Nonqualified Plans are employer-sponsored plans designed to benefit a select group of management or key employees. In a properly structured plan, the employer can include those employees it chooses without having to abide by any anti-discrimination, participation, or vesting rules that all Qualified Plans must follow.

Nondiscrimination rules require that Qualified Plans benefit most employees on a generally equal basis. These rules do not apply to Nonqualified Plans. In fact, the participants must be limited to a select group of management or key employees or the plan may become subject to the rules of a governing Qualified Plan. As an owner, you can target benefits to yourself and key employees without making similar contributions for the rest of your work force. This in turn makes Nonqualified Plans more flexible that Qualified Plans. Depending on your company’s circumstances, Nonqualified Plans may effectively meet your specific compensation needs.

Nonqualified plans are often used to make up for qualified benefit shortfalls for the targeted, higher-paid group, without having to provide all employees the same supplemental benefits. You may also establish more than one such plan and provide different plan designs and benefit amounts to different employees. The amount of benefits provided is not subject to specific restrictions. Instead, the amounts, as a part of total compensation, must be generally reasonable. Vesting distributions and other plan provisions need not conform to the usual qualified plan standards.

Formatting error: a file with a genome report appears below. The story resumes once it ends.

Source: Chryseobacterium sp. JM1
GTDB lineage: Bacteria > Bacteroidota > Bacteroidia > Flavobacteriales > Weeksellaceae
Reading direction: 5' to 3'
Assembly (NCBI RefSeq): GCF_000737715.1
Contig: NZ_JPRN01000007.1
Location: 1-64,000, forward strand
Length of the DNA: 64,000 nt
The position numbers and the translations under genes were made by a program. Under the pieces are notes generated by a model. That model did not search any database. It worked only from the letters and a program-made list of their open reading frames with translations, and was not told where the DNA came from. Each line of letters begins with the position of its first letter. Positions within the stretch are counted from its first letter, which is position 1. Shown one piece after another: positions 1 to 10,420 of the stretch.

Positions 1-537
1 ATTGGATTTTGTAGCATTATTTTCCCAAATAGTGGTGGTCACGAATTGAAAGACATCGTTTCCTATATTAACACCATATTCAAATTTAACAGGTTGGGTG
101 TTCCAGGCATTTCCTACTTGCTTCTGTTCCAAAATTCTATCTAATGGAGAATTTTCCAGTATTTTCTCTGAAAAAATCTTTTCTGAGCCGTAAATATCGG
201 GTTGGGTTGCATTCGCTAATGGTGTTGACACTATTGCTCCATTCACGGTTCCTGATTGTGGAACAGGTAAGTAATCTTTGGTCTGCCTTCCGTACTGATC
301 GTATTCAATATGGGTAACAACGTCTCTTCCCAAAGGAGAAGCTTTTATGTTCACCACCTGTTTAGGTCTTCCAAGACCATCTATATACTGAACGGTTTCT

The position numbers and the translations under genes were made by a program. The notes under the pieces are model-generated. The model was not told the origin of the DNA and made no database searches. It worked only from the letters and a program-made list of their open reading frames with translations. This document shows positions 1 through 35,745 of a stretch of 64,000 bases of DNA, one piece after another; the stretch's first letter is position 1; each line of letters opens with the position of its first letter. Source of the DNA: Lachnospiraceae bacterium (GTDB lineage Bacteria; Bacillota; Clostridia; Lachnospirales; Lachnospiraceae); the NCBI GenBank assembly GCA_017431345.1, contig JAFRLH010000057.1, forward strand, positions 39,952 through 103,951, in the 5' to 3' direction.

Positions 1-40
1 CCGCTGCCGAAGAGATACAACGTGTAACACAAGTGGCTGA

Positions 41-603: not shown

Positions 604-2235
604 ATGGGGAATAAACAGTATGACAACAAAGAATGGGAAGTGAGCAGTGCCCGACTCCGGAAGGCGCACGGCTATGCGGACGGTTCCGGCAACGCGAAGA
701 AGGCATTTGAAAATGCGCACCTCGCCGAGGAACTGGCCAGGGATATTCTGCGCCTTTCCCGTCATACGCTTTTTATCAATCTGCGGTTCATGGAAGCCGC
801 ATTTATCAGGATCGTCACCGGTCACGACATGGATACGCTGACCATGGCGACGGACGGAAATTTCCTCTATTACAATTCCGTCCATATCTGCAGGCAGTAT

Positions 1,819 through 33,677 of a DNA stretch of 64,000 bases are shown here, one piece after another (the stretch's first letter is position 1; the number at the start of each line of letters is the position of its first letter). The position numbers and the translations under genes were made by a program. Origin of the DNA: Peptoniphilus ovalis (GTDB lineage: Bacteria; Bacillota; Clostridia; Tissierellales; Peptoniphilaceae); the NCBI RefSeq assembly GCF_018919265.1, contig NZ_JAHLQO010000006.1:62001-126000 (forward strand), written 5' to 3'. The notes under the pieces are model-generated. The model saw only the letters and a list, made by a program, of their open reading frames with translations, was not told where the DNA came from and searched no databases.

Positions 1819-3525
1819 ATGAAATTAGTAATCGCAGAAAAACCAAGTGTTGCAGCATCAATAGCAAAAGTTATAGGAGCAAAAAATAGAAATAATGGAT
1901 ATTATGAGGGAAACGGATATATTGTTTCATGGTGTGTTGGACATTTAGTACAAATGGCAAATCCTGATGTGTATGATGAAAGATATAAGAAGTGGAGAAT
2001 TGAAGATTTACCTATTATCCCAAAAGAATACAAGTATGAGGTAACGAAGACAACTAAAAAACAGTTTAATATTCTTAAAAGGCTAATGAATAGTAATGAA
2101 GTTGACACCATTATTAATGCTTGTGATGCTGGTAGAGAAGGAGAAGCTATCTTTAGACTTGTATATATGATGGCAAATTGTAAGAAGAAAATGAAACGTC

Key Points:

  • Reversing the “Reverse Discrimination” of Qualified Benefits
  • Recruiting New Executives
  • Rewarding Valuable Executives
  • Retaining Valuable Key Executives
  • Retirement Incentivizing Tool

Common Examples

  • Pre-Tax Compensation Deferral Plan
  • Supplemental Executive Retirement Plan (SERP)
  • Stock Based Compensation Planning

Primary Advantages

  • Legally discriminatory
  • More design flexibility than qualified retirement plans
  • Unlimited participant contributions (pre-tax)
  • Corporate contributions can create a retention “hook”
  • Ability to motivate executives through a performance based company contribution
  • Employee/employer contributions, plus growth, are tax-deductible when paid

Primary Disadvantages

  • Employee deferrals and corporate contributions are not tax deductible until paid
  • Top Hat rules apply to eligibility in an employer/employee relationship
  • Participants are general creditors and subject to a substantial risk of forfeiture